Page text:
This weeks abject failure of Amazon.com’s EC2 hosting environment has caused quite the stir. There are those who say that this proves that this incident “Proves Cloud Failure Recovery is a Myth” and others who say that we should just give it a chance.
Facts are facts. Amazon screwed the pooch big-time last week. Their outage caused ripple effects nation-wide. But while it’s easy to throw the blame at Amazon for the failure ti’s important to remember that cloud computing is still only in it’s infancy, this mad rush to adopt it is part and parcel of the reason these problems are happening. Customers rushing for a new product creates demand, companies looking to be the first to capitalize on that demand create a product that may or may not be ready for prime time.
But because no-one ever (because it’s impossible) thought to test the kind of cascade failure they experienced, they were pushing the high-availability envelope right out of the gate.
So no big deal, right? Foursquare, parts of netflix, etc. were down due to the outage. Other than inconvenience and the inability of narcissistic people to let the world know where they are and what they’re doing, it’s not really that big a deal (for us)
And then this came out: https://forums.aws.amazon.com/thread.jspa?threadID=65649&tstart=0
Specifically this line:
“We are a monitoring company and are monitoring hundreds of cardiac patients at home. We were unable to see their ECG signals since 21st of April.”
Really? You have a life-critical application and you hosted it “in the cloud”? Did it never occur to you that it’s probably *NOT* a good place for a life-or-death application? While I would consider it as a backup, definitely not my one and only.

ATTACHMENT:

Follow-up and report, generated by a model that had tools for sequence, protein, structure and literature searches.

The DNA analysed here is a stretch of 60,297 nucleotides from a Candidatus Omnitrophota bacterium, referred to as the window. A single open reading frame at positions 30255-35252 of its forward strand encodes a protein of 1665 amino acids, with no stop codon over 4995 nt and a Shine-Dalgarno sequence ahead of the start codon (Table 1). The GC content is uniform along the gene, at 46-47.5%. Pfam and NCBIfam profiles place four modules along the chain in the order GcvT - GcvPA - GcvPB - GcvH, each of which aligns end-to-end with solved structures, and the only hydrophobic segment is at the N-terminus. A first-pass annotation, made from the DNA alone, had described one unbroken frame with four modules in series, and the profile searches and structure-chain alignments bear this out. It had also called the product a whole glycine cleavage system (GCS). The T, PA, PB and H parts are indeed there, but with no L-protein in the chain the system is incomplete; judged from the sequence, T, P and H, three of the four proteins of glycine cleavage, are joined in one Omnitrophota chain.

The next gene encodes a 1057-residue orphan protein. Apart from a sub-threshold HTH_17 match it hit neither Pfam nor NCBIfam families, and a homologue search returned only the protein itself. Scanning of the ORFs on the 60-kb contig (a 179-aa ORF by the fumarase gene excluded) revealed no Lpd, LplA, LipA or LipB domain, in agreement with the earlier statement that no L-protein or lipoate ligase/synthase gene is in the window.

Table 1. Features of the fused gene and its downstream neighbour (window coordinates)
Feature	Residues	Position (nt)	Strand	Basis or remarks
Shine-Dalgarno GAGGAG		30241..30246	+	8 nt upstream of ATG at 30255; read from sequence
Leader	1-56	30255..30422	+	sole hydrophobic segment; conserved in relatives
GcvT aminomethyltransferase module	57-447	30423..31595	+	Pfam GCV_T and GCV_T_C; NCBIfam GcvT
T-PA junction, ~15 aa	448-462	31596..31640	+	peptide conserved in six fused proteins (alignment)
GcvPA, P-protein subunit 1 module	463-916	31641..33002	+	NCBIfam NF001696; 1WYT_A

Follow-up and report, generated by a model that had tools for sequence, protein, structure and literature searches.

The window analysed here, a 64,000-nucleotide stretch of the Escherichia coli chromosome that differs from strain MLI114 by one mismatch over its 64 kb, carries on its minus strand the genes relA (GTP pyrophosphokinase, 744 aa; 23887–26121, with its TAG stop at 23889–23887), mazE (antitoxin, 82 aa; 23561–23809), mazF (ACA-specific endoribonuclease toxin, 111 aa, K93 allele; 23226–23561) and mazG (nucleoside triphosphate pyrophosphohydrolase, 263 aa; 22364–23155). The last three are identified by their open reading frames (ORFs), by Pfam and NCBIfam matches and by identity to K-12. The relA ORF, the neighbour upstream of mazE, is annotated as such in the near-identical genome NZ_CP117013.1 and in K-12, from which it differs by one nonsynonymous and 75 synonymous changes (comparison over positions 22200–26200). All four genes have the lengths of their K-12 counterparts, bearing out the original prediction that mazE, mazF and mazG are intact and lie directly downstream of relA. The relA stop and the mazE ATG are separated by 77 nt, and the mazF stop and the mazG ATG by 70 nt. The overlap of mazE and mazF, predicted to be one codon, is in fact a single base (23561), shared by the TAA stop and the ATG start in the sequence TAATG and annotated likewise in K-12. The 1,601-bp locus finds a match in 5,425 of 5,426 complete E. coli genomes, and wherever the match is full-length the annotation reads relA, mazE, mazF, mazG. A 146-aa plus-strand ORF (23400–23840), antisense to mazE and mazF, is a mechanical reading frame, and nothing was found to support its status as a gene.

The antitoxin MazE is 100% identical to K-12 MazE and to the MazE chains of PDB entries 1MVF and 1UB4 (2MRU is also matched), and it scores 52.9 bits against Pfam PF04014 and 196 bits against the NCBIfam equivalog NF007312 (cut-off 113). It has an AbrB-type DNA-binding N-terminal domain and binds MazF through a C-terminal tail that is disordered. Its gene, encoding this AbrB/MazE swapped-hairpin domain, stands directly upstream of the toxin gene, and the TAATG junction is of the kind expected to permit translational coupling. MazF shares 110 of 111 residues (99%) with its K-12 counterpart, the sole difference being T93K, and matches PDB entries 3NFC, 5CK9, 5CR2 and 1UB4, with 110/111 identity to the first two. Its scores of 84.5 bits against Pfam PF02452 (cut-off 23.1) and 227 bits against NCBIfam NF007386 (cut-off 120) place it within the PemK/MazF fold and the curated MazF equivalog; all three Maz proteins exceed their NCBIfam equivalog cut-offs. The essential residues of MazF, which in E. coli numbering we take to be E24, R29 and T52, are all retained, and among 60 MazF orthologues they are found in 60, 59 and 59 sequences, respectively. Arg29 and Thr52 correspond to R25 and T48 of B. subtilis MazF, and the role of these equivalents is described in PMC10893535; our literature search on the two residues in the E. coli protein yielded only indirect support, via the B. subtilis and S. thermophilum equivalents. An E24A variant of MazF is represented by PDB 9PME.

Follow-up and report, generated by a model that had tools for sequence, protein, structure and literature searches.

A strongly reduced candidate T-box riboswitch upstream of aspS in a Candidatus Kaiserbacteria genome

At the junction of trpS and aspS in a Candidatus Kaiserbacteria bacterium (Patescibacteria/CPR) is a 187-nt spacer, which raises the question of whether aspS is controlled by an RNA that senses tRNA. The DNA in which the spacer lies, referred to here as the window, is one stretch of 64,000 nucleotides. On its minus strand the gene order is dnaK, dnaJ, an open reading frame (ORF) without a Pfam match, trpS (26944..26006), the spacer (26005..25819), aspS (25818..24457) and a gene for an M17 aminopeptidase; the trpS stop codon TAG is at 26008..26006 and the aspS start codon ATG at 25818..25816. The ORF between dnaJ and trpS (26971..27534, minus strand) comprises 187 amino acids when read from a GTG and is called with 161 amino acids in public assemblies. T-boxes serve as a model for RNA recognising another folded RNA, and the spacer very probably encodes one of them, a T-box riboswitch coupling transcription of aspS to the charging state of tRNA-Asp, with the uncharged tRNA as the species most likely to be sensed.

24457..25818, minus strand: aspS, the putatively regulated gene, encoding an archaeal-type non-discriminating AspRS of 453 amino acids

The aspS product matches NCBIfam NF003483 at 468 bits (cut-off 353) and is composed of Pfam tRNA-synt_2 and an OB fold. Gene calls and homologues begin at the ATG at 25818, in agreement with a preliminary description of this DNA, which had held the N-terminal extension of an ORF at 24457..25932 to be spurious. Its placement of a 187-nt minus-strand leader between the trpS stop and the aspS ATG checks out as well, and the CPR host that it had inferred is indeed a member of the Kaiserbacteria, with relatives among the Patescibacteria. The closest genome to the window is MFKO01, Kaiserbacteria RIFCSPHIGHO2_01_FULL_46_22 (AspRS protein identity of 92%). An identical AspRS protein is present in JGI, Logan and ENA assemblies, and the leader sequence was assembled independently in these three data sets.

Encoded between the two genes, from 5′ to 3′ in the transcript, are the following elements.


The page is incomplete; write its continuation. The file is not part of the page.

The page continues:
People who know me know I have a rule. I don’t say it works until I’ve seen it work at least once, and even then I’ll qualify my statement with “well I saw it work under THESE conditions.” I do *NOT* say something works based on what some sales or marketing person tells me works. (Trust me, this has been a major sticking point between me and my sales team.
That being said. You have to accept that if you put your critical apps in “the cloud” by it’s very nature you are abdicating your control over it, and putting your full faith in someone ELSE to fix the problem. Someone who may not think your application is as important as the one in the rack next to yours.
Are you going to take someone’s word that something is “Highly Available” if you haven’t actually pulled the plug yourself and watched it fail over? I won’t. I will candidly couch my answer in “That’s the way it’s supposed to work” or “That’s the way it’s designed to work” But until you see a failover, that’s not the way it DOES work, because it never has.
I run my own email, my own webserver, my own infrastructure. I prefer it this way, because now if the system goes down, I know exactly whose butt to kick.
As a rule, and If I’m paying someone else to provide a service… I make sure I know where, how, and who to call when it blows up. It’s probably the best advise I can give.
Amazon billed this as being “highly avaialble” and maybe it is, for the most part. But obviously if you think of a million ways for something to go wrong, you can bet even money on their being at least a million and one ways for it to fail.
Instead of EC2, they should have named it “Titanic” because everyone knows the easiest way to invite disaster is to tell the world you’re immune to it.